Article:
We’ve covered before on LeftWatch the range of often conflicting positions on Brexit held by the Labour Party. At the moment, the one they choose to talk about most is the position stated in their manifesto – namely that they would reject a ‘no deal’ Brexit.

In terms of negotiation strategy, the naivety of such a position is extraordinary. Telling Brussels that under no circumstances would they leave without a deal is the same as offering to buy a deal of any quality at any price – an open invitation to the EU to make the worst possible offer, and demand the highest imaginable sum for the privilege.

The more they promote the idea – in the press, in the Commons and on the airwaves – the more they harm the prospects of a good deal. So travelling to Brussels to reiterate that message face to face with the EU’s negotiators, as Jeremy Corbyn did this week, is a remarkably unwise thing to do. Who did he think he was helping by doing so?

The most likely answer, so far as I can see, is that he though he was helping himself and himself alone. It’s not implausible that Corbyn doesn’t give a damn what impact his pronouncements might have on the national interest. After all, he holds plenty of other views that are harmful economically, socially and even physically to the UK, apparently without any qualms at all.

What appears to lie behind this particular calculation is the belief that appealing to those voters who hope to stop Brexit altogether is the route to electoral victory. While much of the evidence suggests that the result of the last election rested on the Conservatives drastically underperforming, and Labour’s position on austerity serving to reunite the left behind Corbyn, there’s a growing school of thought in Labour circles that attributes the outcome to winning over those voters who feel strongly about remaining in the EU.

Of course, a voter who hates Brexit choosing to vote for a Labour Party whose manifesto commits to leaving the Single Market might perhaps need to read a bit more closely, but it’s certainly the case that some only heard the hints that Corbyn was on their side, and voted accordingly. The more pro-EU members of the Shadow Cabinet therefore argue that hyping up outright disruption of the Brexit process will win yet more votes next time round.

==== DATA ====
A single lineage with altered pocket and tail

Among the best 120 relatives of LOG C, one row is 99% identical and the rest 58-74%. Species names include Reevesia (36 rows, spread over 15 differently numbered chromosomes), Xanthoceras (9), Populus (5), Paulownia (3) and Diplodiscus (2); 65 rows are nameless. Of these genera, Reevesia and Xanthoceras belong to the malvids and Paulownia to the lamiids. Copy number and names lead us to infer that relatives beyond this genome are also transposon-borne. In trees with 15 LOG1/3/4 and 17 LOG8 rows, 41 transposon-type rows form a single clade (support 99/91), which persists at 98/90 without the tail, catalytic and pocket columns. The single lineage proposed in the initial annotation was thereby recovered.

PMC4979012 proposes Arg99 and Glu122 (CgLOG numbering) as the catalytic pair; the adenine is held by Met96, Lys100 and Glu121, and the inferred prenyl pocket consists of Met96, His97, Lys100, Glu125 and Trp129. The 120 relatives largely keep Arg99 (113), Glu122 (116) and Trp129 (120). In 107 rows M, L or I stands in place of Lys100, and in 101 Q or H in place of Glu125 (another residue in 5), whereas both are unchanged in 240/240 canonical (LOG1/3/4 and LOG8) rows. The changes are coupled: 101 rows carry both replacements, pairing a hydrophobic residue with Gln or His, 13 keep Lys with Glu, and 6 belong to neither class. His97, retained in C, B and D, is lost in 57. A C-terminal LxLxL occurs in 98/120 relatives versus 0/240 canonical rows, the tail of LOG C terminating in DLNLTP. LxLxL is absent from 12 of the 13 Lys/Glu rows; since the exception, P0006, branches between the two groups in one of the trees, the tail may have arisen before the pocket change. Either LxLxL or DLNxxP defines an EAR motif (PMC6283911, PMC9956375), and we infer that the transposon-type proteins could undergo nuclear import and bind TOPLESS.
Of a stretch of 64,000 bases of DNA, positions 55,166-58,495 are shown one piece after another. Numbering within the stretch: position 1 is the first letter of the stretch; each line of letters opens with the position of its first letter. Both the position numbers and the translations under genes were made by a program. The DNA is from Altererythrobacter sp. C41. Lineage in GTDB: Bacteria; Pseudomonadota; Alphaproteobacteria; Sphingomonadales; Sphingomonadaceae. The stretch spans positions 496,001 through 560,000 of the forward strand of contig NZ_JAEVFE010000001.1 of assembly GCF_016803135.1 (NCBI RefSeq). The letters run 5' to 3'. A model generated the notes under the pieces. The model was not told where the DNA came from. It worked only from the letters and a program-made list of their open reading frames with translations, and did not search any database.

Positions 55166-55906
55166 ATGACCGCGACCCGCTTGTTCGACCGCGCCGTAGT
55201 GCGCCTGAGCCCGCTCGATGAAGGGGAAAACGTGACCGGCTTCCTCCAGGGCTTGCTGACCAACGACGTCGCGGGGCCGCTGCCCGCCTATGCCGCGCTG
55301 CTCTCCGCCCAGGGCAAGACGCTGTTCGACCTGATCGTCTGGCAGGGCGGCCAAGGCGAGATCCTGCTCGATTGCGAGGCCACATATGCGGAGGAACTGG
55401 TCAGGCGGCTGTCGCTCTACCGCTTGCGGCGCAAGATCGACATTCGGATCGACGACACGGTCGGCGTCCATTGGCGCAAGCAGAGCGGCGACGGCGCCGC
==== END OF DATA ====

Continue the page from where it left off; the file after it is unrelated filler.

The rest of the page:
What this analysis misses is that such a strategy can also come with a cost.

I recently heard Daniel Finkelstein present a compelling argument that the story of the 2017 election is as a failed – or at best half-complete – Tory realignment; that Timothy et al calculated it would be worth losing some of their better-off, more pro-EU voters, in exchange for winning over a large tranche of working class Brexiteers who had previously voted Labour, or Labour-and-then-UKIP.

Finkelstein suggested the campaign fell short because it successfully performed the first part of the operation but failed to fully secure the pay-off in winning over switchers, and it seems to me that he is right. Through their ambiguous position on Brexit, by emphasising austerity, and helped by Tory bungles. Labour managed to retain more Leave voters – and win back more former UKIPers – than the Conservative model intended.

Consider this week through that filter, then, while remembering that Leave voters as well as Remainers watch TV and read the newspapers. Corbyn travelled to Brussels, apparently to disrupt the Prime Minister’s efforts in the Brexit negotiations. His message is that he would give Brussels as much power and money as it might want, regardless of the wisdom of doing so.

That might play well with some of his intended audience – those who are still completely opposed to leaving the EU – whom he believes he needs to win the next election. But it will simultaneously play badly with another chunk of his vote – those who backed him for economic reasons, while assuming him to support leaving. At this rate, he might help the Conservatives to complete the realignment they failed to secure themselves.